Author Geraldine Brooks Receives U.S. Literary Peace Prize

Celebrated chronicler of human conflict to be honored for exposing horrors of war in bestselling novels; Fiction and Nonfiction finalists to be announced in September

Brooks spent many years covering crises in the Middle East, Africa, and the Balkans for the Wall Street Journal before going on to write powerful historical novels, including the 2006 Pulitzer Prize-winning novel March. She will accept the award at a ceremony in Dayton, Ohio on November 7th, joining the ranks of past Lifetime Achievement honorees Studs Terkel, Elie Wiesel, Taylor Branch, Nicholas Kristof, and Sheryl WuDunn.

Inspired by the 1995 Dayton Peace Accords that ended the war in Bosnia, The Dayton Literary Peace Prize is the only international literary peace prize awarded in the United States. The Prize celebrates the power of literature to promote peace, social justice, and global understanding.
As part of the award, Brooks will receive a $10,000 honorarium. The ceremony will also honor recipients of the 2010 Dayton Literary Peace Prize for Fiction and Nonfiction, which will be announced in September.

A native of Australia, Brooks has won worldwide acclaim for her ability to weave unwaveringly candid depictions of human conflict into stories of vivid characters caught in the throes of human events. Set in Sarajevo, her most recent work, People of the Book, is based on the true story of the Sarajevo Haggadah, a Jewish prayer book safeguarded by Muslims and Christians during five centuries of European conflict. Year of Wonders (2001) follows a seventeenth-century village torn apart by the plague, while March (2006) tells the story of a Civil War-era idealist whose beliefs are challenged by what he witnesses on the frontlines. Brooks is also the author of two nonfiction books, Nine Parts of Desire and Foreign Correspondence.

“Most people are sheltered from the horrors of war, but Brooks reveals to her readers what their political leaders try to hide — the ugly realities of conflict and its destructive effects even on those far from the frontlines,” said Sharon Rab, founder and co-chair of the Dayton Literary Peace Prize Foundation. “We are delighted to be honoring a writer whose skill, imagination, and unique background allow her to create vivid characters whose stories help people understand the vital importance of fostering peace throughout the world.”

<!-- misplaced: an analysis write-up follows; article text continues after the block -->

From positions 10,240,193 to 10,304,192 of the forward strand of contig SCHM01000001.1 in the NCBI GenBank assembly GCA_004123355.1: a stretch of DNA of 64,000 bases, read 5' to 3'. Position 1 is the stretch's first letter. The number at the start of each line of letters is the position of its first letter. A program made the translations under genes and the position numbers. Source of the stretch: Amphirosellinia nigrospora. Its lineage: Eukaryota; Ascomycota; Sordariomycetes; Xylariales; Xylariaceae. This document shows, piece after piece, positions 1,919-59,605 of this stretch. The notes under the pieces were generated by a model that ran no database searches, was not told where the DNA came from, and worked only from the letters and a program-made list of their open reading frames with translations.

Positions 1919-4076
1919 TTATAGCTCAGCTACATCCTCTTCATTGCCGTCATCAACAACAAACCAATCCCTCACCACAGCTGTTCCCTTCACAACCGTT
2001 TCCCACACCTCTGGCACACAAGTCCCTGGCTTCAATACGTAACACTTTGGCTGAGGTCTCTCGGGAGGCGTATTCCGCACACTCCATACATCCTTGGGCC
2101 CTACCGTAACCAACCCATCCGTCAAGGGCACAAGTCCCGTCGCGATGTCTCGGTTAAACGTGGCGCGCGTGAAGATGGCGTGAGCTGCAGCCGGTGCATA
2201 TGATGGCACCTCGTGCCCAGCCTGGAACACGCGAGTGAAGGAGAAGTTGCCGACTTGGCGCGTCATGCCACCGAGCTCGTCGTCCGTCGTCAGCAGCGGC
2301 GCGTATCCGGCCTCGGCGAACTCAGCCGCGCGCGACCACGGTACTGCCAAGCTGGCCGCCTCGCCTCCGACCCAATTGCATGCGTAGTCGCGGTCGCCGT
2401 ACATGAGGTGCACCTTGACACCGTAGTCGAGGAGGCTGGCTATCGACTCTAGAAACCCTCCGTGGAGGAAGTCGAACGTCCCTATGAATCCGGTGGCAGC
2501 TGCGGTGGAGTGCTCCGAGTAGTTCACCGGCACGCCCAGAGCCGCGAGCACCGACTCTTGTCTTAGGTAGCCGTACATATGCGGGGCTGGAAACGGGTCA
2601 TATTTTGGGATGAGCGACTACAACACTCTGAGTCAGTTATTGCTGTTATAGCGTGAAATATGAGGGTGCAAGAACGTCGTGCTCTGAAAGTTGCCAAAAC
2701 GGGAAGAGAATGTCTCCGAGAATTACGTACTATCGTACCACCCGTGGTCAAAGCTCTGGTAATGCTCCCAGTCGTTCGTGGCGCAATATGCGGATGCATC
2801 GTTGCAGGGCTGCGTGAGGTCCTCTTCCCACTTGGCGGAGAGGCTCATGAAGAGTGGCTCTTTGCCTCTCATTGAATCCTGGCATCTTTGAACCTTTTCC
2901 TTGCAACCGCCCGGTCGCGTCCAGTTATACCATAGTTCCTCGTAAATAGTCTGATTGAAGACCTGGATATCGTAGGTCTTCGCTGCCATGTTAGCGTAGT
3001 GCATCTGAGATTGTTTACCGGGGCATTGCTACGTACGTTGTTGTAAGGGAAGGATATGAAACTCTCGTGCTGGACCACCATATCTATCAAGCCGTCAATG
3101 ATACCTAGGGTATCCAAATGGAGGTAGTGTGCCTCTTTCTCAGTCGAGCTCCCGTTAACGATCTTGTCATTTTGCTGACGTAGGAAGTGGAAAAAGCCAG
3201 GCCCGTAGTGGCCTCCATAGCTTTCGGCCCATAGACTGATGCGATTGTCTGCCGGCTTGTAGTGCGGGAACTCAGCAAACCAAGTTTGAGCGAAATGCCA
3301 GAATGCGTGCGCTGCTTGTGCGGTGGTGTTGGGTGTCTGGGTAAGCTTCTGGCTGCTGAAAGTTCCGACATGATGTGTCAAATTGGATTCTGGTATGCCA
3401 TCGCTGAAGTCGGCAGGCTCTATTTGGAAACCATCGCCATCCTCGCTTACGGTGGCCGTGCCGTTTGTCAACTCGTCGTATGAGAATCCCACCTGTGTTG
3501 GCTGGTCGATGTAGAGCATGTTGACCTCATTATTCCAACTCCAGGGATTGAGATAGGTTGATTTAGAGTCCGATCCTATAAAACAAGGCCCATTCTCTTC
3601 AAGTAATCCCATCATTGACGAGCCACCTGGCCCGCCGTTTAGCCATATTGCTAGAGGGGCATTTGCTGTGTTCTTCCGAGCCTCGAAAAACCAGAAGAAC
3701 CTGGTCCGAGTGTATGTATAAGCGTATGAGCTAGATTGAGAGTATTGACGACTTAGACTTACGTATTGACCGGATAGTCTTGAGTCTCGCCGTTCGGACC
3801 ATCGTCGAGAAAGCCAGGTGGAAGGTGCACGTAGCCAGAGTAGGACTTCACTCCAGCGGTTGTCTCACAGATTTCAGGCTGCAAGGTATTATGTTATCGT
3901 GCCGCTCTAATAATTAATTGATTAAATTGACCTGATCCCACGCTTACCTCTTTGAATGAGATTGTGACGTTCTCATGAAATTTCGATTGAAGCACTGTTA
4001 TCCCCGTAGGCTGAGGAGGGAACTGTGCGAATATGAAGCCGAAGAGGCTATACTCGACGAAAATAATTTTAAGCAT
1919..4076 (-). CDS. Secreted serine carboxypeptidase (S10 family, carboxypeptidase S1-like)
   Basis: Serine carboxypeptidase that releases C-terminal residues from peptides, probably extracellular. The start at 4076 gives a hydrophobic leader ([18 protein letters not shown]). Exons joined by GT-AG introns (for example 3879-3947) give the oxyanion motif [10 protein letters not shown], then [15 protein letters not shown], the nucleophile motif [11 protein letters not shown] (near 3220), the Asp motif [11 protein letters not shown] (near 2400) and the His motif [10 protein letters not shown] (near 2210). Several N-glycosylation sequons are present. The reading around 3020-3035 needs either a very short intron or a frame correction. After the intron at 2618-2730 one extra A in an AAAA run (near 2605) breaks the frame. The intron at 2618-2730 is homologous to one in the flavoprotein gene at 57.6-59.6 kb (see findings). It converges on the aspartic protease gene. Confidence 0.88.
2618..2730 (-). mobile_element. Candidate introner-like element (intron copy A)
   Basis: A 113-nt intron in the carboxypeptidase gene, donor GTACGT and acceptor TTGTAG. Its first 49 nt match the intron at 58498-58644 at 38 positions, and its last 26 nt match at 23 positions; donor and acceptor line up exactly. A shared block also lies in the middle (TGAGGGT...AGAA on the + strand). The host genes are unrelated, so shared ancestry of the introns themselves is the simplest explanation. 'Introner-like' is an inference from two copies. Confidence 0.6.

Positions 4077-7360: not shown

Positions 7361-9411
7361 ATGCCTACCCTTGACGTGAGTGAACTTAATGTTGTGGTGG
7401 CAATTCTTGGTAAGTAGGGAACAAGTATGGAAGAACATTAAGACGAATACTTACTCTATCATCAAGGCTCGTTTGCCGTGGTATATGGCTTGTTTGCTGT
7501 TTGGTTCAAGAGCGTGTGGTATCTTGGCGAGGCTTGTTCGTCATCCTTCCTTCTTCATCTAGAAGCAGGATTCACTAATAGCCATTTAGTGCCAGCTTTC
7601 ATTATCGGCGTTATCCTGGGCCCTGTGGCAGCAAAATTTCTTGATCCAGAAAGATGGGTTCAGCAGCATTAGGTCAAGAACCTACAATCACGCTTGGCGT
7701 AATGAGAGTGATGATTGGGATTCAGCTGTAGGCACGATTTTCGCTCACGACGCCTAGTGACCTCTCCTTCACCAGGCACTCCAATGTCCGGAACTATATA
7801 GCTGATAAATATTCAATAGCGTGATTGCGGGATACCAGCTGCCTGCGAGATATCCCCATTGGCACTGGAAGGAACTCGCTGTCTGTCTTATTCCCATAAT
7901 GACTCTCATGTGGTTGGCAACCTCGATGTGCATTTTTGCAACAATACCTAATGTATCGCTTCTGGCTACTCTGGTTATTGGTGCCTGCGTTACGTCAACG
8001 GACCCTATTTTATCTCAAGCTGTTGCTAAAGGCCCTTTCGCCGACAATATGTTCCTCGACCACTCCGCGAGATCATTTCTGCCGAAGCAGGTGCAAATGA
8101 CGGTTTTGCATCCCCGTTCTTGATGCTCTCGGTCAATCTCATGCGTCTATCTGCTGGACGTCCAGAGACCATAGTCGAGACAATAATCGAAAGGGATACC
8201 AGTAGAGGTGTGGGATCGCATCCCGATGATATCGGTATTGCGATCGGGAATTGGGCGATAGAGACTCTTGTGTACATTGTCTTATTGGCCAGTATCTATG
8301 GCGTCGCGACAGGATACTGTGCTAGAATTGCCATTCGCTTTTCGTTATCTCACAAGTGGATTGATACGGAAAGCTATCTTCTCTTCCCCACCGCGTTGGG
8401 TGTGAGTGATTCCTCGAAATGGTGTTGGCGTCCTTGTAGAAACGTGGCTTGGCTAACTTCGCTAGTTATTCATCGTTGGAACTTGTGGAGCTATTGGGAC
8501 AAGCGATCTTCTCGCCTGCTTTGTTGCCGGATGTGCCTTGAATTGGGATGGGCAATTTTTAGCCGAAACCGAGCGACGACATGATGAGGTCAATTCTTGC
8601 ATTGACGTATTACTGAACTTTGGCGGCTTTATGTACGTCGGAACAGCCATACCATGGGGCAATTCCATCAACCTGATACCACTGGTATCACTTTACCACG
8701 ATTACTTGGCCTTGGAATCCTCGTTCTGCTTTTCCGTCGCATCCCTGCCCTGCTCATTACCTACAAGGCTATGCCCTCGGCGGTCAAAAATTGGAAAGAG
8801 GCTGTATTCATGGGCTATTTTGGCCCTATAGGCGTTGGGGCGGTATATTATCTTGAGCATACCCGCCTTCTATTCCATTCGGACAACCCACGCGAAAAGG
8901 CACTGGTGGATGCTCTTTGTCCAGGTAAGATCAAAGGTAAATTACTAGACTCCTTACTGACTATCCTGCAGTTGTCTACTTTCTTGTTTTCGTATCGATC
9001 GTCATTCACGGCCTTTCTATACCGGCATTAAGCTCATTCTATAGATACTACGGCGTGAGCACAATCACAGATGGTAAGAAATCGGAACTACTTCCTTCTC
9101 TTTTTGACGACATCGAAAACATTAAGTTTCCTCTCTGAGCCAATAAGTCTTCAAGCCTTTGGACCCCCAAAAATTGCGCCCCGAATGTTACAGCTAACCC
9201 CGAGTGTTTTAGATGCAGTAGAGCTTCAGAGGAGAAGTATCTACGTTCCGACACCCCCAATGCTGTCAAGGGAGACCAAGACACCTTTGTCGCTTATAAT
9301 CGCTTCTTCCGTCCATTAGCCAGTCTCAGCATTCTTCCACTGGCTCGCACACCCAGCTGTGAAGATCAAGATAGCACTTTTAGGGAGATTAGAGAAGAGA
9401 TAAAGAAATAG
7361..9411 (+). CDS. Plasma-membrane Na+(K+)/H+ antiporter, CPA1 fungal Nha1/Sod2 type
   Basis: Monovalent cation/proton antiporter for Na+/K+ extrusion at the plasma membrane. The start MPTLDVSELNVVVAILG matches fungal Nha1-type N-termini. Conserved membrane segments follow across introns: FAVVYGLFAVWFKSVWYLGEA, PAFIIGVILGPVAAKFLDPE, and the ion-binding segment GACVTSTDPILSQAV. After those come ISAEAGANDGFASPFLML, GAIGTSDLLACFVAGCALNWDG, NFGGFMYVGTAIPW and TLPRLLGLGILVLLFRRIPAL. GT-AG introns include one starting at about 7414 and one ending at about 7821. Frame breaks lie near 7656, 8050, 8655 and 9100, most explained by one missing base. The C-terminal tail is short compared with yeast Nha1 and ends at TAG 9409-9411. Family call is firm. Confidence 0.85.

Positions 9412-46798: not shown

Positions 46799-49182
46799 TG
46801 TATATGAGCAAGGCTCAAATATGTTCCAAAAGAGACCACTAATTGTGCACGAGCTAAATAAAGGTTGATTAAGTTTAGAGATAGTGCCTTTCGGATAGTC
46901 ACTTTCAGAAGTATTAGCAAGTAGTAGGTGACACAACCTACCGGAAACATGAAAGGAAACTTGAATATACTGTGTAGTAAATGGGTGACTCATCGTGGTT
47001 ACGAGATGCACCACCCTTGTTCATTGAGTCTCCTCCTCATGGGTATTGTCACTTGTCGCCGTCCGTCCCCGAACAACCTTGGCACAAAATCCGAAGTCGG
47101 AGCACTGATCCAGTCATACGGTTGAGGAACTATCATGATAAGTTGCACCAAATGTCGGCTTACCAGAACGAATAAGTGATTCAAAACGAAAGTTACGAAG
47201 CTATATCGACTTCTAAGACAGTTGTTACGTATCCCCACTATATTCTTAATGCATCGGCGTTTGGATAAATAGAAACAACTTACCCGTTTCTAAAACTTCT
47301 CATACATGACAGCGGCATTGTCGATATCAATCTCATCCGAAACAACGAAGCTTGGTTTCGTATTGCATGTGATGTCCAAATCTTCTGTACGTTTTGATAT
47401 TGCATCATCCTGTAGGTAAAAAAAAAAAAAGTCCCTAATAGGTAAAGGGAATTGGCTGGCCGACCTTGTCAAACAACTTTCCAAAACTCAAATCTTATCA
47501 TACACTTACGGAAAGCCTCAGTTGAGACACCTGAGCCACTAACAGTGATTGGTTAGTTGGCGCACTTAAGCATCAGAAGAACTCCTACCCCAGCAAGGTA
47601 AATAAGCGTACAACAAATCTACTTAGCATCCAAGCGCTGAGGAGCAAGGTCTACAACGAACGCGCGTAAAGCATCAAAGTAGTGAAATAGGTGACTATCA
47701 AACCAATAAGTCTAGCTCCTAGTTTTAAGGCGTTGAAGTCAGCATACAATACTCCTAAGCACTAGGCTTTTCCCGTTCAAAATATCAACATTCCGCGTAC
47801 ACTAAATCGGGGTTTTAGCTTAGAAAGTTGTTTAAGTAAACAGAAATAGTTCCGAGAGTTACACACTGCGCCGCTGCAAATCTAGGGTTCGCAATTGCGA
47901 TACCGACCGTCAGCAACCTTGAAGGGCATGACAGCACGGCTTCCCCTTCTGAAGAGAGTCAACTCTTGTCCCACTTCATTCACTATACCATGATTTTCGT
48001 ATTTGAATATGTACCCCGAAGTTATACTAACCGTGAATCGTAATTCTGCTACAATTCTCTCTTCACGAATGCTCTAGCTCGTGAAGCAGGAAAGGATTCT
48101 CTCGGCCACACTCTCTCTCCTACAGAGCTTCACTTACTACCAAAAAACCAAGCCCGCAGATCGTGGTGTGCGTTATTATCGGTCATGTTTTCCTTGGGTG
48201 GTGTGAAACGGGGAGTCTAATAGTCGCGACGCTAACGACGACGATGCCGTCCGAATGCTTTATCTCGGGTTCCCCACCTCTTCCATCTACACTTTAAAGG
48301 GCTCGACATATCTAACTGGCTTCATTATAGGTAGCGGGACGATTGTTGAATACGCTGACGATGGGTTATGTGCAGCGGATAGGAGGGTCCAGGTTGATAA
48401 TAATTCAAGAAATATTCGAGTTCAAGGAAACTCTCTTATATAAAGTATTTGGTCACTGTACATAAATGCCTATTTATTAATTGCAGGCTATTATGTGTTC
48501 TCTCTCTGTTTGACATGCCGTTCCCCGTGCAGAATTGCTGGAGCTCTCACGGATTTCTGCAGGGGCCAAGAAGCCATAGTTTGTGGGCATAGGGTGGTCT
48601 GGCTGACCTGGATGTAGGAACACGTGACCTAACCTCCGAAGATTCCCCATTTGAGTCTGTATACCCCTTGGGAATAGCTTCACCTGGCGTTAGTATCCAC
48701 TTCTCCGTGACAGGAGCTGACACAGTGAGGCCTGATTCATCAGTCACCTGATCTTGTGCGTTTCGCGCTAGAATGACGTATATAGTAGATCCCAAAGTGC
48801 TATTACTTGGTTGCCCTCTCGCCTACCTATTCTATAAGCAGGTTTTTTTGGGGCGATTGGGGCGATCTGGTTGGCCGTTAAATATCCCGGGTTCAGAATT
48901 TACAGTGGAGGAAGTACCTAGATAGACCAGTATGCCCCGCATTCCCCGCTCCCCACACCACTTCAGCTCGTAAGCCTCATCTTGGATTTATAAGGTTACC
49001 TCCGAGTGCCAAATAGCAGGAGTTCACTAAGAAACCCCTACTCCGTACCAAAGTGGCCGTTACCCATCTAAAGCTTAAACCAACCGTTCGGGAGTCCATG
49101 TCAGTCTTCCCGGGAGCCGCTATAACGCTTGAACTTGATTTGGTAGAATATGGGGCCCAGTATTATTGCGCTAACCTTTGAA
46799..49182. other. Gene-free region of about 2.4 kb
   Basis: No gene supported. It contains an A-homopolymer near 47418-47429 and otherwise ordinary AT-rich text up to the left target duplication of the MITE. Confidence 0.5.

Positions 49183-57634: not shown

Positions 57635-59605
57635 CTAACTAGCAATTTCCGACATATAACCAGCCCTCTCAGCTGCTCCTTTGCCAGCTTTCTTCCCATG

“It’s always a thrill to have one’s work recognized, but this prize holds particular meaning to me because I covered the fighting in the Balkans as a journalist and I know what peace can mean to a civilian population that has been besieged and violated by years of war,” said Brooks. “In these times, particularly, it is good to be reminded of what was achieved at Dayton, and that it is at the table, rather than on the battlefield, that wars may be brought to an end.”

Recipients of the 2010 Dayton Literary Peace Prize will be announced in September and honored at a ceremony hosted by award-winning journalist Nick Clooney in Dayton on November 7th.

About the Dayton Literary Peace PrizeThe Dayton Literary Peace Prize honors writers whose work uses the power of literature to foster peace, social justice, and global understanding. Launched in 2006, it has already established itself as one of the world’s most prestigious literary honors, and is the only literary peace prize awarded in the United States. As an offshoot of the Dayton Peace Prize, the Dayton Literary Peace Prize awards a $10,000 cash prize each year to one fiction and one nonfiction author whose work advances peace as a solution to conflict, and leads readers to a better understanding of other cultures, peoples, religions, and political points of view. An annual lifetime achievement award is also bestowed upon a writer whose body of work reflects the Prize’s mission; previous honorees include Studs Terkel, Elie Wiesel, Taylor Branch, Nicholas Kristof, and Sheryl WuDunn.